Possibilities include four vanquished presidential rivals (besides Clinton): New Mexico Gov. Bill Richardson, former Sen. John Edwards of North Carolina, and Sens. Joe Biden of Delaware, and Chris Dodd of Connecticut. Former Sen. Sam Nunn of Georgia is often mentioned, as are two prominent female supporters of Obama: Sen. Claire McCaskill of Missouri and Kansas Gov. Kathleen Sebelius.
Less conventional choices for Obama would be Republican Sen. Chuck Hagel of Nebraska, an opponent of the Iraq war, or a prominent Clinton supporter, such as Sen. Evan Bayh of Indiana. Virginia alone (a Republican-leaning state Obama would love to win) has three possible running mates: Gov. Tim Kaine, Sen. Jim Webb and former Gov. Mark Warner, who is running for the Senate.
McCain is likely to look at Republican Govs. Tim Pawlenty of Minnesota and Charlie Crist of Florida, two battleground states. Other possibilities include former Massachusetts governor and presidential rival Mitt Romney; Utah Gov. Jon Huntsman; South Carolina Gov. Mark Sanford; Alaska Gov. Sarah Palin; and former congressman and White House budget director Rob Portman of Ohio, another key state.
A private-sector choice might be Carly Fiorina, former chief executive of Hewlett-Packard.
Defining your opponent before he defines you.
Campaign pollsters say the average person still knows relatively little about Obama or McCain. Both men and their allies will race to fill in the blanks with appealing portraits of themselves and unflattering pictures of the other.
Obama's theme is "change," and he constantly says McCain would carry out "a third term" of President George W. Bush, whose approval ratings approach historic lows. McCain portrays Obama as inexperienced, naive and more talk than action.
Youth and age will be a key subtext. Obama does not directly allude to McCain's age, which will hit 72 on the eve of the Republican convention. But their age difference, 25 years, is the largest in history for major party nominees. Obama must show he is mature and ready; McCain must show he is sharp and vigorous.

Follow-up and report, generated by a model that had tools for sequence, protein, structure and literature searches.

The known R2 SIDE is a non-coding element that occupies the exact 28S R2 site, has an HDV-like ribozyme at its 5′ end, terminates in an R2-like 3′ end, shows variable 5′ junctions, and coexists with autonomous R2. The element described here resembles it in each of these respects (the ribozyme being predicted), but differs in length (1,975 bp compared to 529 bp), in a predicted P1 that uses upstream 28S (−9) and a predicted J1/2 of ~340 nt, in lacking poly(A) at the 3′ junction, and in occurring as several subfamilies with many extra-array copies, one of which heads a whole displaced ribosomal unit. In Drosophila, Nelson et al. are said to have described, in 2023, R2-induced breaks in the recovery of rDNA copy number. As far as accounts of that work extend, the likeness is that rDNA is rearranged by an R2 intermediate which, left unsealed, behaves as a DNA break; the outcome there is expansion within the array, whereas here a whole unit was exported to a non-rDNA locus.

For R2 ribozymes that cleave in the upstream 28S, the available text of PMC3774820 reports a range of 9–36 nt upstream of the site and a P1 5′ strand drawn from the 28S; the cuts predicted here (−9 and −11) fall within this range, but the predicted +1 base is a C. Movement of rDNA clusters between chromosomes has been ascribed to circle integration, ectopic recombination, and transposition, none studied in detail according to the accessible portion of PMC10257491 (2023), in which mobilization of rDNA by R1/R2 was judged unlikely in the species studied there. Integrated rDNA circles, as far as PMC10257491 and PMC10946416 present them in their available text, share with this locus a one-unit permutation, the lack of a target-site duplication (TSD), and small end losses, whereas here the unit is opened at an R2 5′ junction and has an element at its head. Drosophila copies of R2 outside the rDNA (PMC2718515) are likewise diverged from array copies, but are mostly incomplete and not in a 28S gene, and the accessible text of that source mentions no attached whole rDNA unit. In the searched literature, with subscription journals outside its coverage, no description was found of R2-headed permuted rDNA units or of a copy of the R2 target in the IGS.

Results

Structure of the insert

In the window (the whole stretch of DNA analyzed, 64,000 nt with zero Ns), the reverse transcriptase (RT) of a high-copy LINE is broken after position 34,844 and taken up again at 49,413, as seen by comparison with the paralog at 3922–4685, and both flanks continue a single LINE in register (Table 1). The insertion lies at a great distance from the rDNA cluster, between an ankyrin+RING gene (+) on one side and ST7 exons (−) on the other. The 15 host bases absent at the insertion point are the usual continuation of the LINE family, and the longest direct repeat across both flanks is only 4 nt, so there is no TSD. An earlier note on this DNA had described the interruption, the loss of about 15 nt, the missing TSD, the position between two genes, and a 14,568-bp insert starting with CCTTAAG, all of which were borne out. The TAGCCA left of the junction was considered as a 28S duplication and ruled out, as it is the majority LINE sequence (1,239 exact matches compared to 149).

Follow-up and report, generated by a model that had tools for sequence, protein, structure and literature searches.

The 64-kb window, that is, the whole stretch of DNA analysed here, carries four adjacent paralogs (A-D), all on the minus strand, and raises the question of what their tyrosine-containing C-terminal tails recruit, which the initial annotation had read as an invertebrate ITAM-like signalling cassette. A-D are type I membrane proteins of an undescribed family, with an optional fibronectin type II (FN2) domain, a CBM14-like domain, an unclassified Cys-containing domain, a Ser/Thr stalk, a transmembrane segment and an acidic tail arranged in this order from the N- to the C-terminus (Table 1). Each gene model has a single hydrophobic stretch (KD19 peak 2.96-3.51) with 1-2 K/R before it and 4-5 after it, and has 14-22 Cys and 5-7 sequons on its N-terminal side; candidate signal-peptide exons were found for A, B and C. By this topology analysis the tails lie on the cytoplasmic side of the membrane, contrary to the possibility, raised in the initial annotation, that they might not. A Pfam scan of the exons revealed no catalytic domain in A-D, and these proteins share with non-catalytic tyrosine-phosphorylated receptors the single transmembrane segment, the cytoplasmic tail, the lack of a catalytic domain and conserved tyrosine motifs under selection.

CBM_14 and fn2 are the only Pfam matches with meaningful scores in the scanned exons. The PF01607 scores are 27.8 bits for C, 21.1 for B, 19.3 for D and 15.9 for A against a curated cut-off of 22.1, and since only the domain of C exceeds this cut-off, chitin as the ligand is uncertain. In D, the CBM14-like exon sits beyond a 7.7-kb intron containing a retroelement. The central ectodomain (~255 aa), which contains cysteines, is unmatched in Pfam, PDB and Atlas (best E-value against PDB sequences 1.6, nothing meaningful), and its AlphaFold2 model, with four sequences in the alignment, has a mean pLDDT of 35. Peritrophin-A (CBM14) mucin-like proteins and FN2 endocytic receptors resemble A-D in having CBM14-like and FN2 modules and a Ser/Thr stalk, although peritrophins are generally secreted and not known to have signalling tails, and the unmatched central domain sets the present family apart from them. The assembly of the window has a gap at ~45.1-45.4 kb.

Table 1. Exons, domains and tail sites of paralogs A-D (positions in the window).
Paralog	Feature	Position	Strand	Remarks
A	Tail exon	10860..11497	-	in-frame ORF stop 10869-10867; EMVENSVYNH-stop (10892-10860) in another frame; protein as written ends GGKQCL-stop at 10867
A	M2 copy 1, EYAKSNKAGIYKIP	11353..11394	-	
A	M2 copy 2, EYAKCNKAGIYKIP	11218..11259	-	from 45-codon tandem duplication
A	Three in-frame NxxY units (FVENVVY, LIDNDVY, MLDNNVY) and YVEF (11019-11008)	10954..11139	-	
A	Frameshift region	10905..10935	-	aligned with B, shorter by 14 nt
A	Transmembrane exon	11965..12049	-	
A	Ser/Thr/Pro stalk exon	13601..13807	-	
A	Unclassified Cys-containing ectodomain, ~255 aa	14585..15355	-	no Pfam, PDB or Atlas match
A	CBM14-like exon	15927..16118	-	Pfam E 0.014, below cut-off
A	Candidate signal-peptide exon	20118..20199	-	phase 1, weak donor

Both campaigns are rapidly adding staff. Obama's team will focus on introducing the first-term senator to voters who may not know much about his biography, while on Monday he begins a two-week economic tour of the country.
Obama has assembled an unprecedented political fundraising machine, raking in $264 million in 16 months. McCain has raised $115 million in 17 months. McCain, assured of his eventual nomination, had his best fundraising month in May, raising $21.5 million. Obama, reeling from controversies over his former pastor and still battling Clinton, raised nearly $32 million in April.
Obama should manage to continue this extraordinary accumulation of cash. McCain is improving as he works with the Republican National Committee to expand his donor base.
The Democrats' challenge is to build the party's finances. The RNC, now operating with McCain strategists in place, raised nearly $24 million in May and had $53.6 million on hand at the beginning of June. The Democratic National Committee raised nearly $5 million in May and ended the month with $4 million in the bank.
Obama is putting his stamp on the DNC, and has installed a top strategist to oversee general election operations. Separately, on Sunday, Obama named Matthew Nugen, his campaign's political director, to oversee operations for the Democratic National Convention in Denver in August.
McCain is preparing to accept about $85 million in public financing. But he needs approval from the Federal Election Commission, which cannot act until the Senate confirms nominees to the commission required for a quorum.
Obama is expected to turn down the hefty check and rely on his army of private donors to finance his run.
Associated Press writer Jim Kuhnhenn contributed to this report.